Have you thought about how looking for a job is very much like being a sales person? Think about the comparisons:
How looking for a job is like being a sales person
- You have a product to sell – your skills and experience
- You are looking for someone to buy it (or in this case hire you)
- You have to know why your product is better than the competition’s
- You have to identify where you want to sell the product
- You have to identify who is buying
- You have to have marketing materials (resume, business cards, marketing plan, etc.) that entice people to buy
- You have to get before the customer and make a sales pitch (interview)
- You have to determine if it makes good business sense to make the deal
If so, you have to close the deal
Unlike an actual sales job though, you just have to land the one sale (for now). You don’t have to go back out there immediately to do it all over again the next day.
What are you selling?
You will notice in the list above, updating your marketing material is not first. Ask yourself, how can you create the sales brochure and owner’s manual for a product without knowing how it works and why someone should buy it over the competition’s product? You can’t.
So before you update your resume and before you try to sell your product (we’ll call it interviewing), you have to understand
· your accomplishments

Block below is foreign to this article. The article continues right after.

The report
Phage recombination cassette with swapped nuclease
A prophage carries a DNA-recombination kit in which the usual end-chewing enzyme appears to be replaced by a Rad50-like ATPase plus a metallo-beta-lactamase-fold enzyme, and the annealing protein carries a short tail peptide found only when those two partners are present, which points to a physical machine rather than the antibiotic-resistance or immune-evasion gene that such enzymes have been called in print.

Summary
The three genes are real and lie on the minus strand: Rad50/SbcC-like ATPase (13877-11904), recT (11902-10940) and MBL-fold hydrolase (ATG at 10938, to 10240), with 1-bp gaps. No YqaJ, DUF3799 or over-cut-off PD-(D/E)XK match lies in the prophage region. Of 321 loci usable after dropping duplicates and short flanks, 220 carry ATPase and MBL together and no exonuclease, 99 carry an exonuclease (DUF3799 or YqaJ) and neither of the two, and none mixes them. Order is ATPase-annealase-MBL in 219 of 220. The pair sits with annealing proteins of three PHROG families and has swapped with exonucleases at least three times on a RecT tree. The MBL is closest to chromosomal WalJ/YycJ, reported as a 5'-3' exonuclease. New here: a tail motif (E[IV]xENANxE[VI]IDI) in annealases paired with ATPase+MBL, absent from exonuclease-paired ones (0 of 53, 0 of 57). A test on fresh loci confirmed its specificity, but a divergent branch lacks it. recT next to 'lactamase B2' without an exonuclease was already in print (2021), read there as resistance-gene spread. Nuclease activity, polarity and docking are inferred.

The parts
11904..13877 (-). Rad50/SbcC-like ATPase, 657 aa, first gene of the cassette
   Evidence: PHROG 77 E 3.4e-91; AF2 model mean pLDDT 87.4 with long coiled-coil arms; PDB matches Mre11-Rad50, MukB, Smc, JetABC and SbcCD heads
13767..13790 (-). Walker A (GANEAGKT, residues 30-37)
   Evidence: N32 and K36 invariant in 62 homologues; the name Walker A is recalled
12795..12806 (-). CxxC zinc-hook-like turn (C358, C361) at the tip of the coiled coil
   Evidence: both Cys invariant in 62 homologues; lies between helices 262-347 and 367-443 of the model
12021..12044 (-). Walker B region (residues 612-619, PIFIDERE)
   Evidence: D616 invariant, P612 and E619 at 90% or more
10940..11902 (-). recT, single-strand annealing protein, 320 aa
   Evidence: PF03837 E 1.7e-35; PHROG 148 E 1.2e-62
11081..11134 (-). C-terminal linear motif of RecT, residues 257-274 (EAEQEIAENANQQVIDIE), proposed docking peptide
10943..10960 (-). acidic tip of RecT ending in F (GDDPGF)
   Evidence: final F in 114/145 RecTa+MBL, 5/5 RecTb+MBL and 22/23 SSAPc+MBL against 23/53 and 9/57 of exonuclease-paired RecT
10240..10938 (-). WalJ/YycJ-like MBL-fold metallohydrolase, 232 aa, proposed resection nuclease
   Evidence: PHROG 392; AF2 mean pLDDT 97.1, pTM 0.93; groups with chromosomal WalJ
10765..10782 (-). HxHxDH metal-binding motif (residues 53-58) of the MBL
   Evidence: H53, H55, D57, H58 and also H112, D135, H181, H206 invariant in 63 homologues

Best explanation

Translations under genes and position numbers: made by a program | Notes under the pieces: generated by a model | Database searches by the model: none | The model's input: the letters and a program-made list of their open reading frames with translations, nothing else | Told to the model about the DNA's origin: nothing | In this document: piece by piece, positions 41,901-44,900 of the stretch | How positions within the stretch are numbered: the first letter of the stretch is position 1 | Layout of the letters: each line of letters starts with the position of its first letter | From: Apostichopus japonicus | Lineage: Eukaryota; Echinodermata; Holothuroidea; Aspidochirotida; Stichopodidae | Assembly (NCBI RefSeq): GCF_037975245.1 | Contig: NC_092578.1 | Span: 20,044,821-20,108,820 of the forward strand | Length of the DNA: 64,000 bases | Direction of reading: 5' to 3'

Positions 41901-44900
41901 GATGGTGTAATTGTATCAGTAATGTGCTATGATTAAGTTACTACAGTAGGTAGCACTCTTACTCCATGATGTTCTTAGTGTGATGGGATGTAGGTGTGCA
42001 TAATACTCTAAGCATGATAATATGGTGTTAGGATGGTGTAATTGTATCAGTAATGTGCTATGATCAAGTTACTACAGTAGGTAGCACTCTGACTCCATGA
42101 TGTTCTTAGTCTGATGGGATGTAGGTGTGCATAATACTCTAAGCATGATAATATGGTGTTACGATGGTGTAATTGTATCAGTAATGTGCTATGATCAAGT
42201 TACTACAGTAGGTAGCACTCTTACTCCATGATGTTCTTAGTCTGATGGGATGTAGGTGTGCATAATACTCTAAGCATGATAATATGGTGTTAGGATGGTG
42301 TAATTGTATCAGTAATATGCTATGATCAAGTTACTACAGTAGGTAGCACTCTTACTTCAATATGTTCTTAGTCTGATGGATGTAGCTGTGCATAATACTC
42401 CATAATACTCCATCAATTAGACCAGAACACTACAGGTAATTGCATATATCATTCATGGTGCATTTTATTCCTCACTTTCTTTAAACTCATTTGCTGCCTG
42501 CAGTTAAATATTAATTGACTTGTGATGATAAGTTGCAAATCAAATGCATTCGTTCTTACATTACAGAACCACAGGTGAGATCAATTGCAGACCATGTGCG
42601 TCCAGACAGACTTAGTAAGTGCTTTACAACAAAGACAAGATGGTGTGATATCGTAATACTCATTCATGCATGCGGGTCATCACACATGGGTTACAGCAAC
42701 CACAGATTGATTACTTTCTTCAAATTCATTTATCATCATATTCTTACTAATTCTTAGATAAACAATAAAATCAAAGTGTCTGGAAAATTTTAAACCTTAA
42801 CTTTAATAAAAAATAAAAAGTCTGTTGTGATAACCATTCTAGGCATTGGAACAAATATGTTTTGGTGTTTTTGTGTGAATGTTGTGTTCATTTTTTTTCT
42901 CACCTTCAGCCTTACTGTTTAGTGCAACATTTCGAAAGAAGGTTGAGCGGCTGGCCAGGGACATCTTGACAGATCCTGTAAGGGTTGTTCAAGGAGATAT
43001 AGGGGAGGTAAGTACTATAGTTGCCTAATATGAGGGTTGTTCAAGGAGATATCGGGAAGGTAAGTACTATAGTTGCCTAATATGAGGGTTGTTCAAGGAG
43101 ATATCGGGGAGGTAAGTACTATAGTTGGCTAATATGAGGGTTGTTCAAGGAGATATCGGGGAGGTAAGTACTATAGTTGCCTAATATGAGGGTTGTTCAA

· your abilities
· your interests
· your personality
· your values
You also need to recall the things you liked and disliked about your previous companies, bosses, and roles.
Shortcutting this process will sabotage your job search efforts. Yes, I said that if you skip this step or don’t spend adequate time conducting this inventory, you are setting yourself up for job search failure. If you don’t know the value you bring to an employer, how can they know?
How do you conduct this inventory, you ask?
1. Ask others: People tend to diminish things in themselves that come easy to them. For instance, in my previous job, when I took over a new team, I set up appointments to meet the internal customers and asked them for their input. Not only did they trust me enough to share their thoughts, many of them invited me to their internal team meetings – meetings that no one in my department had been invited to before. I didn’t think it was a major accomplishment because people typically warm to me quickly. A co-worker is the one who pointed out to me that not everyone has the same impact. Ask family, friends, and former co-workers, anyone who knows you well.
2. Consult previous job reviews: If your bosses were good at writing performance reviews, they included your accomplishments and may have even quantified them. Gather that information.
3. Take career and personality assessments: Introverts will not like a job that requires them to be in front of people a lot. Knowing your personality will help confirm the right job for you.
4. Other: You can use one of the Aptitude resources available online or assessments provided by a job search coach to help gather the key information about you.
Did you notice that earlier I said “for now” when it comes to going out the next day to sell again? That is because there is a new truth about today’s job market. That truth is: Your next job is not your last. You will be on the job market again. Do not try to get away with the minimum to find your next job. Instead, learn how to do it right and learn how to do it well.
Your career may not be sales. For now though you are a sales person and to be successful, you have to know your product – YOU!